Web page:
Since becoming the Duchess of Sussex, Meghan Markle has had to to make various lifestyle changes – from switching to nude nail polish to minimising the public displays of affection with Prince Harry.
However, one change the new royal may not have expected was the absence of her favourite food, pasta, on the menu at Buckingham Palace – due to the Queen’s dislike of starchy foods.
According to former royal chef Darren McGrady, the Queen avoids pastas and potatoes, opting instead for grilled fish or chicken and in-season vegetables – which may have been a difficult adjustment for Markle, who once told Delish that her favourite pasta dish, made with courgette, is “filthy, sexy mush.”
Apart from the carbohydrate-ban, the monarch and her newest granddaughter-in-law have a lot in common when it comes to food preferences.
Both prefer to adhere to a relatively healthy lifestyle, with the 92-year-old Queen snacking on bananas, which she eats in a royal manner – by cutting “off the bottoms and cut the banana lengthwise, and then cut the banana into tiny slices to eat with a fork.”
The Duchess of Sussex also keeps her diet healthy by sticking to a mostly-vegan diet, with the occasional exception.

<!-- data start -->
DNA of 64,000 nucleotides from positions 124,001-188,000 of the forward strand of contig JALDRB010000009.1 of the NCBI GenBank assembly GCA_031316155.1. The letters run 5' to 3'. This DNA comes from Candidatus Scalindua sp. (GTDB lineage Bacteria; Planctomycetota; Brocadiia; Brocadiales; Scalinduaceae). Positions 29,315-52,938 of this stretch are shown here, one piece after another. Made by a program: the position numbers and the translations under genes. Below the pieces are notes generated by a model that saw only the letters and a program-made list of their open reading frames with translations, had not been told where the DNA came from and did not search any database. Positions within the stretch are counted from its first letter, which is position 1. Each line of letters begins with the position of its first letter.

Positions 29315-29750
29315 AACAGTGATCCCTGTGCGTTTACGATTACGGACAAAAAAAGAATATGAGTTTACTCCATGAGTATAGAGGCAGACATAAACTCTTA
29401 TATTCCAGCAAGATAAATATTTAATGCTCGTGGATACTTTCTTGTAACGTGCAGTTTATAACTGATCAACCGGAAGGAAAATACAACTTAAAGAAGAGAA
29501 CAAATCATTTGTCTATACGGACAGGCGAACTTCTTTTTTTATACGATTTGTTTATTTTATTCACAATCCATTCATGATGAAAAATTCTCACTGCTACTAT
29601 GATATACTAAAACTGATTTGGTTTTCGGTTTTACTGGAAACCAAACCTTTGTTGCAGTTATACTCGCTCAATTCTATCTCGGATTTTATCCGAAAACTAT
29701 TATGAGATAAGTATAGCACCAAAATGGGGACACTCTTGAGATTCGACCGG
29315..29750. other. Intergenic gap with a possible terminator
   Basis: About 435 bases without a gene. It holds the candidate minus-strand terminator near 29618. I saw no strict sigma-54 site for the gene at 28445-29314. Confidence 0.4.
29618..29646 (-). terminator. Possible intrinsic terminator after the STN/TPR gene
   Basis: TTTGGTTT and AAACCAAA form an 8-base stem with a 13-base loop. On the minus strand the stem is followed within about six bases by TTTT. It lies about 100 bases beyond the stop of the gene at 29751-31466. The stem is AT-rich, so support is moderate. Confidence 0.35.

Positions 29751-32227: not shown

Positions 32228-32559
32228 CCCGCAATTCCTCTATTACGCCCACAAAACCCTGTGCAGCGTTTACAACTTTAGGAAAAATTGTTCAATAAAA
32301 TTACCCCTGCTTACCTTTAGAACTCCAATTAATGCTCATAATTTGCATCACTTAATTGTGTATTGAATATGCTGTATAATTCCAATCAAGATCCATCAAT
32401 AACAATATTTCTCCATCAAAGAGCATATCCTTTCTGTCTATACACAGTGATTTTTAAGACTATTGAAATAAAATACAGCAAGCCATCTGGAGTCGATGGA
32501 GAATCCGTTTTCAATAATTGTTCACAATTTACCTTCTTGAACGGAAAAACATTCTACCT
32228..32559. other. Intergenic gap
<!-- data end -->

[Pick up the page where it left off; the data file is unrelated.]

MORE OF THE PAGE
But although chef McGrady said that the Queen “eats to live” – in comparison to her husband, who “lives to eat” – both the monarch and Markle have their vices.
For the Queen, chocolate biscuit cake is reportedly her favourite dessert, and she will eat the entire thing.
“She’ll take a small slice every day until eventually there is only one tiny piece, but you have to send that up, she wants to finish the whole of that cake,” McGrady told Recipes Plus of the Queen’s fondness for the decadent cake, before revealing that if a piece happens to be leftover when journeying back to Windsor Castle, the senior chef would follow with the slice.
In addition to a ban on pasta, all of the royals follow a strict diet of minimal onions or garlic – as their duties require them to frequently meet people, and no rare meat or shellfish due to the risk of food poisoning.
The foods the royals are actually allowed to eat are served on China dating back to the early 1800s and silver knives and forks coated with pure gold.